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Frank 'Toledo Strongman' Stranahan dies at 90

(Reuters) - American Frank Stranahan, a six-time PGA Tour winner who was also a world-ranked weightlifter, has died at the age of 90, the PGA Tour announced on Tuesday.

Stranahan, who enjoyed a stellar amateur career before turning professional in 1954 and making fitness a linchpin of his playing career, died on Sunday in the Hospice of Palm Beach County.

"He was a wonderful man, one of golf's most accomplished amateurs and certainly one of the most interesting individuals to play the game," PGA Tour commissioner Tim Finchem said in a statement.

"Frank's achievements are no doubt underappreciated today, including the fact that he was a remarkable all-around athlete. Frank was a noted powerlifter during this period and later, became an accomplished long-distance runner.

"We look at the athleticism of our players today and can say that Frank truly was well before his time when it came to golf and fitness."

Ohio-born Stranahan, who was nicknamed "Muscles" and the "Toledo Strongman" during his golfing days, triumphed twice on the PGA Tour as an amateur, winning the 1945 Durham Open and the 1948 Miami Open.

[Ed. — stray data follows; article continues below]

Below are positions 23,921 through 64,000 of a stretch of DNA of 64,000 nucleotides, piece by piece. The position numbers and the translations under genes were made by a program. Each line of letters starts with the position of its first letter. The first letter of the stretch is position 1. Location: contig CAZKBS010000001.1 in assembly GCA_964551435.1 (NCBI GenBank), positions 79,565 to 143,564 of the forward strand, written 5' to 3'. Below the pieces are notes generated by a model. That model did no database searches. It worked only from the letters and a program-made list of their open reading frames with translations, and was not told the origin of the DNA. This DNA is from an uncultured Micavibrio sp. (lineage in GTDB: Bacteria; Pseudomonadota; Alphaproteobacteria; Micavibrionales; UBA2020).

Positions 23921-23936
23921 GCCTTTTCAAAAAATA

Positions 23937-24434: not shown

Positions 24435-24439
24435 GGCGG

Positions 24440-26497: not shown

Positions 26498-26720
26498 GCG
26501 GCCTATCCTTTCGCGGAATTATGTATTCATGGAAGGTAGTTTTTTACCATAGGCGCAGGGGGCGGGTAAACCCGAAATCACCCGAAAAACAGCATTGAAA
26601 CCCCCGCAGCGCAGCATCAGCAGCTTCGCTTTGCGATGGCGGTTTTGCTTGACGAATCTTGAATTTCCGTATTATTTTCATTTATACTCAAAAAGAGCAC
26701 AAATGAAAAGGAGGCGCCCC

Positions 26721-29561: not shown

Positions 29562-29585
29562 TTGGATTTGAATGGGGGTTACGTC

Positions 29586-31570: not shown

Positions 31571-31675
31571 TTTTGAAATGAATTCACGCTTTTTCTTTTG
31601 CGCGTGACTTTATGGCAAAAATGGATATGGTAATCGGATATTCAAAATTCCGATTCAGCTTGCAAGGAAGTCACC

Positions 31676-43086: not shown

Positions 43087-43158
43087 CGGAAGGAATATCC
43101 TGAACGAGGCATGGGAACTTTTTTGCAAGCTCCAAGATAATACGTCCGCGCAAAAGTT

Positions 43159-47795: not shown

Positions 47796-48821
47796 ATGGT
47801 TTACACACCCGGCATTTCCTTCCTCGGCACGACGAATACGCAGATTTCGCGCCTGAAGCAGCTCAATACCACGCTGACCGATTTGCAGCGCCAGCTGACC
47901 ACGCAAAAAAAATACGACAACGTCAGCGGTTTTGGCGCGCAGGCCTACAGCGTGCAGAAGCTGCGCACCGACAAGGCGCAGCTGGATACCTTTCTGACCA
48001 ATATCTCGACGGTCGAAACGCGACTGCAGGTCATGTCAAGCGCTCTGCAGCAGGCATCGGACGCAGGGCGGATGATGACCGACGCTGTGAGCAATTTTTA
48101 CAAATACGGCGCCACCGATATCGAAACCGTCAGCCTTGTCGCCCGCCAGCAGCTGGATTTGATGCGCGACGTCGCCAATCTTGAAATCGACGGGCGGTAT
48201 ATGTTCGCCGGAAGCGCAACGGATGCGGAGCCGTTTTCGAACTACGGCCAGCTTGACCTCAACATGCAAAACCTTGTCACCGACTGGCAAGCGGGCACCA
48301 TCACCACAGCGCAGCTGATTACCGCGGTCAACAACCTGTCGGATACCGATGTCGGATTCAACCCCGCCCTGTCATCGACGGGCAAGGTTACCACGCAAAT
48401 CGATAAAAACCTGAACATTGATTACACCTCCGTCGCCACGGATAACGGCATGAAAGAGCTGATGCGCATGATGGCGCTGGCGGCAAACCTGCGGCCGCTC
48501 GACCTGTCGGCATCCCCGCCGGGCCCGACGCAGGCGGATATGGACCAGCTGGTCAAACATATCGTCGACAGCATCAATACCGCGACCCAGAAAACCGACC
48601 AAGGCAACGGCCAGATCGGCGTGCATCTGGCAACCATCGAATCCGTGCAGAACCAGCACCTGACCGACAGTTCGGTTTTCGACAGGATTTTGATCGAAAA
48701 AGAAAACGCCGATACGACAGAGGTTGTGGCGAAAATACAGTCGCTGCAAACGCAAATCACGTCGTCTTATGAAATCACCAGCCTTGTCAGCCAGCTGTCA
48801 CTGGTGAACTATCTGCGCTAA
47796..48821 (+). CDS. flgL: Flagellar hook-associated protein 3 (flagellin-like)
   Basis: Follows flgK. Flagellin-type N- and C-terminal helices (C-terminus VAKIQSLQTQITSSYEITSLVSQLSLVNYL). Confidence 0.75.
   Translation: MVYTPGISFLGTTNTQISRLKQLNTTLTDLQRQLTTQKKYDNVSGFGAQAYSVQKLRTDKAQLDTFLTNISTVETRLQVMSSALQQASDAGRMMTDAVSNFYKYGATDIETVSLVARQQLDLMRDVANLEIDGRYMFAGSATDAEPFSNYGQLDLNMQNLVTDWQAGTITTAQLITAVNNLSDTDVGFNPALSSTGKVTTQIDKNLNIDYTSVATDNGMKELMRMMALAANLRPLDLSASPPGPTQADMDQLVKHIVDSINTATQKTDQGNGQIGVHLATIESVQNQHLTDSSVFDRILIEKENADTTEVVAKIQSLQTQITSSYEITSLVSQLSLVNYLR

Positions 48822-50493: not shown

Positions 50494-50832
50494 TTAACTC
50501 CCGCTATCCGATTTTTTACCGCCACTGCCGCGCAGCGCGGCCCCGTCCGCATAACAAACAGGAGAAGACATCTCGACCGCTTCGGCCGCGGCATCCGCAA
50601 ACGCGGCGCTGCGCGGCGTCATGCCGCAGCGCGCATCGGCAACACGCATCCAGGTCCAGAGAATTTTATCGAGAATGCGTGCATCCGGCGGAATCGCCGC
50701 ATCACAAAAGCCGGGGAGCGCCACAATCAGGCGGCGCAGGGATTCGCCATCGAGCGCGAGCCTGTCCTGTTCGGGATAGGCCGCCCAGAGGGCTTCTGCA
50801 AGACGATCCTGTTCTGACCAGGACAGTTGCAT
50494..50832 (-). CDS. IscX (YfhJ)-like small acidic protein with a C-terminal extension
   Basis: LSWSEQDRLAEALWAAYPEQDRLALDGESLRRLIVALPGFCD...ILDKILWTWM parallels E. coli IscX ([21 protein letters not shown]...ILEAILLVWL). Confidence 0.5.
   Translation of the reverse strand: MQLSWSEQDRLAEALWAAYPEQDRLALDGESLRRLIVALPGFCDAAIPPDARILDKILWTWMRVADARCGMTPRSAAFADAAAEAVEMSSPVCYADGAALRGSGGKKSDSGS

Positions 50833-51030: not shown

He piled up more than 50 tournament victories in the amateur ranks, including two British amateur titles (1948 and 1950), two Canadian amateurs (1947 and 1948) and three North and South Amateur crowns (1946, 1949 and 1952).

Three times, Stranahan came close to landing a major title, finishing runner-up at the 1947 and 1953 British Opens and also at the 1947 Masters, where he ended up two strokes behind Jimmy Demaret.

At the 1947 British Open, he fell one stroke shy of forcing a playoff for the title with Fred Daly after his approach shot from 110 yards on the final hole stopped three inches short of the cup.

The son of a wealthy industrialist family in Ohio, where his father was the Champion Spark Plug founder, Stranahan went into business after retiring from professional golf and switched his athletic pursuits back to weightlifting and running marathons. He competed in 102 marathons.

(Reporting by Mark Lamport-Stokes in Los Angeles; Editing by Frank Pingue)

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